Consider Illinois, where weekly benefits are equal to two-thirds of the injured employee’s pre-injury weekly wage. A worker injured in 2000 earning $600/week would receive $400/week in benefits. Meanwhile, if the same injury occurred in 2019 and the worker was earning $1,000/week, the worker would receive $667/week in benefits.
Below are two exhibits that display the cumulative impact10 of nominal indemnity benefit changes from January 1, 2000, through 2018 for PPD and TTD.11 These exhibits demonstrate that in almost all states, dollars of benefits have increased by 50% to 100%, driven largely by increases in wages.
Typically, when examining the level of WC benefits, analysts do not refer to nominal changes. Rather, the usual goal is to analyze the level of WC benefits over and above the underlying changes in wage levels.
As states continue to drive WC legislative and public policy decisions, the advantage of calculating WABC is that it enables one to truly measure what is being experienced by the injured worker after reflecting the impact of wage growth. WABC may include legislative changes impacting compensation, for example:
- Number of weeks of benefits awarded for certain injuries
- Percentage rates of compensation
- Maximum and minimum weekly benefits
In addition, there could be court decisions that impact compensation which, when quantifiable, would also be reflected in WABC. For example, in 2017, loss costs were increased by 5.6% in Kentucky as a result of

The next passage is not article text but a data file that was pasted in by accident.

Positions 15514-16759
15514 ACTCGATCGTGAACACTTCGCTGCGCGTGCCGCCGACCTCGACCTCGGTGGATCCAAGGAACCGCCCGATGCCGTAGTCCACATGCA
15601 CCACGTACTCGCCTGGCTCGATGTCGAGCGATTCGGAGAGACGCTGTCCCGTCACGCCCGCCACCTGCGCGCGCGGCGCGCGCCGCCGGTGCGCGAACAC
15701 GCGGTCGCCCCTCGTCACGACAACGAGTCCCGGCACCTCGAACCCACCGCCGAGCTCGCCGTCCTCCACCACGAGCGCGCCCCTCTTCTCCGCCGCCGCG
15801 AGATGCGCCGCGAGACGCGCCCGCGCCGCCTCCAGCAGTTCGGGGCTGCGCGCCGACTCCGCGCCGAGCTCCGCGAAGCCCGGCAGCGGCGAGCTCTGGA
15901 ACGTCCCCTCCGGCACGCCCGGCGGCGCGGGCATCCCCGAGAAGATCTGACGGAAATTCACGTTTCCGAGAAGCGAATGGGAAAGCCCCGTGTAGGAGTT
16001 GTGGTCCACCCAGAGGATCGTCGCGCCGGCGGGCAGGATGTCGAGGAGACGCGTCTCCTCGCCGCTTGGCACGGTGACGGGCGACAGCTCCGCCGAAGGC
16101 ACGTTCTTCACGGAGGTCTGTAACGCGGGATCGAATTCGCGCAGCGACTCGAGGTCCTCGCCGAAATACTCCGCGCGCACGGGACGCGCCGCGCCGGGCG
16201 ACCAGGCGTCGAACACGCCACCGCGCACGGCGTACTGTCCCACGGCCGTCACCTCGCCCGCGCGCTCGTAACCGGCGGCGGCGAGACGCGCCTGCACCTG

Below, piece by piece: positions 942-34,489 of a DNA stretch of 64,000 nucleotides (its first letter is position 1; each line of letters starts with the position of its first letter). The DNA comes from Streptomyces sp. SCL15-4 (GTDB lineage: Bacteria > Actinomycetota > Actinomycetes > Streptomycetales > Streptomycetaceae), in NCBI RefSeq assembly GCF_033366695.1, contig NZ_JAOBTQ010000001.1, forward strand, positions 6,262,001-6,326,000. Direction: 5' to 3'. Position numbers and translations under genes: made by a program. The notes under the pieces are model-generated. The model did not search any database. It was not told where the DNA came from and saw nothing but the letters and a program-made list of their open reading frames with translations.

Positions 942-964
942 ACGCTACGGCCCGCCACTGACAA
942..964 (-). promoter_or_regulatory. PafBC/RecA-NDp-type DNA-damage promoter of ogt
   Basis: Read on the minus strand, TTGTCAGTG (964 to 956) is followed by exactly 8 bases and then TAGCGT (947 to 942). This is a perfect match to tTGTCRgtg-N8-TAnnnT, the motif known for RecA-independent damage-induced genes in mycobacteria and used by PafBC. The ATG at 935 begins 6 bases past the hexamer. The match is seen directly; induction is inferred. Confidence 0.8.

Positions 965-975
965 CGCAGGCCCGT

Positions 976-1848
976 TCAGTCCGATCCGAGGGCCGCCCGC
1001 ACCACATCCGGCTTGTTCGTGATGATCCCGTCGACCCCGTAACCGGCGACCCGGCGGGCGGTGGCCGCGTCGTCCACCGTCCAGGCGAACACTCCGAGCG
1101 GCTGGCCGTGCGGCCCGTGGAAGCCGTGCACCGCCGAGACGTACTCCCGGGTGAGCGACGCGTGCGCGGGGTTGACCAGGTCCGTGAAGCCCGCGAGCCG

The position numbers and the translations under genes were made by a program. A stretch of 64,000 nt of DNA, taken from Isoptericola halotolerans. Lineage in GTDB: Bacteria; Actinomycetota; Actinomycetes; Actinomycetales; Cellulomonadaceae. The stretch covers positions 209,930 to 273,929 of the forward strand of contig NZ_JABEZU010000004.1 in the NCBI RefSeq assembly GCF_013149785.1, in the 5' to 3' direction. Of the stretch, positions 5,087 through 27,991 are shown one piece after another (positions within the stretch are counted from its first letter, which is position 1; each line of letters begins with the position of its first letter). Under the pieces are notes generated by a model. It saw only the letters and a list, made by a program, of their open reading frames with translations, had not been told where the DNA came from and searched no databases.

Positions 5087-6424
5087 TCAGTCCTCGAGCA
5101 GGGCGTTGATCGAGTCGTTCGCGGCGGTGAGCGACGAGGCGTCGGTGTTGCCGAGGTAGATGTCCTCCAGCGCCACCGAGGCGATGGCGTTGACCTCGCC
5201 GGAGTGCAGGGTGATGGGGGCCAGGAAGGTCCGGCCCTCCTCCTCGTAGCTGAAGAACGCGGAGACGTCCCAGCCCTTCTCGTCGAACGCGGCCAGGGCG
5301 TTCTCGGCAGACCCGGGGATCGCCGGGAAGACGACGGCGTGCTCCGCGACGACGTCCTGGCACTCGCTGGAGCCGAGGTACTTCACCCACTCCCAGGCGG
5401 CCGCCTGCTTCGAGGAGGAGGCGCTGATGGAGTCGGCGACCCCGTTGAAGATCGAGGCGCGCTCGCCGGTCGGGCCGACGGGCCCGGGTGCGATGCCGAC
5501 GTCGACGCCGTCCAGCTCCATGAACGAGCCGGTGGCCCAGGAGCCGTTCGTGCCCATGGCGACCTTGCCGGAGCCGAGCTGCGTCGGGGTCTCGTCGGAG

Parker v. Webster County Coal, which invalidated certain conditions for the termination of benefits.
The two exhibits below display the cumulative impact of WABC from January 1, 2000, through 2018 for PPD and TTD.12 These exhibits demonstrate that when WC benefits are adjusted for wage increases, workers have typically realized slightly increased benefits or no change.
Note that various published indices of WC indemnity benefit costs compared to payroll show significant reductions in recent years. These indices are likely being driven by frequency decreases, which have accumulated to about -50% between 2000 and 2018.13 Since there are fewer workplace injuries today, there are less benefits being paid per dollar of payroll. In contrast, the indices presented in this paper reflect average indemnity benefits based on the compensation structure in a state and are not impacted by changes in claim frequency.
WABC PPD changes are constant or positive in 71% of NCCI states for the period 2000–2018; for TTD, 82% of the changes are constant or positive. This means that indemnity benefits on a wage-adjusted basis have indeed kept pace with wage growth in most NCCI states.
The graphs above use the most meaningful set of indices from the perspective of the injured worker—that is, one that accounts for all wage growth, including the dampening impact of fixed-dollar benefits that do not naturally move with average wages.
We thank John Deacon, Barry Lipton, and Aidan Williams for valuable contributions to this article.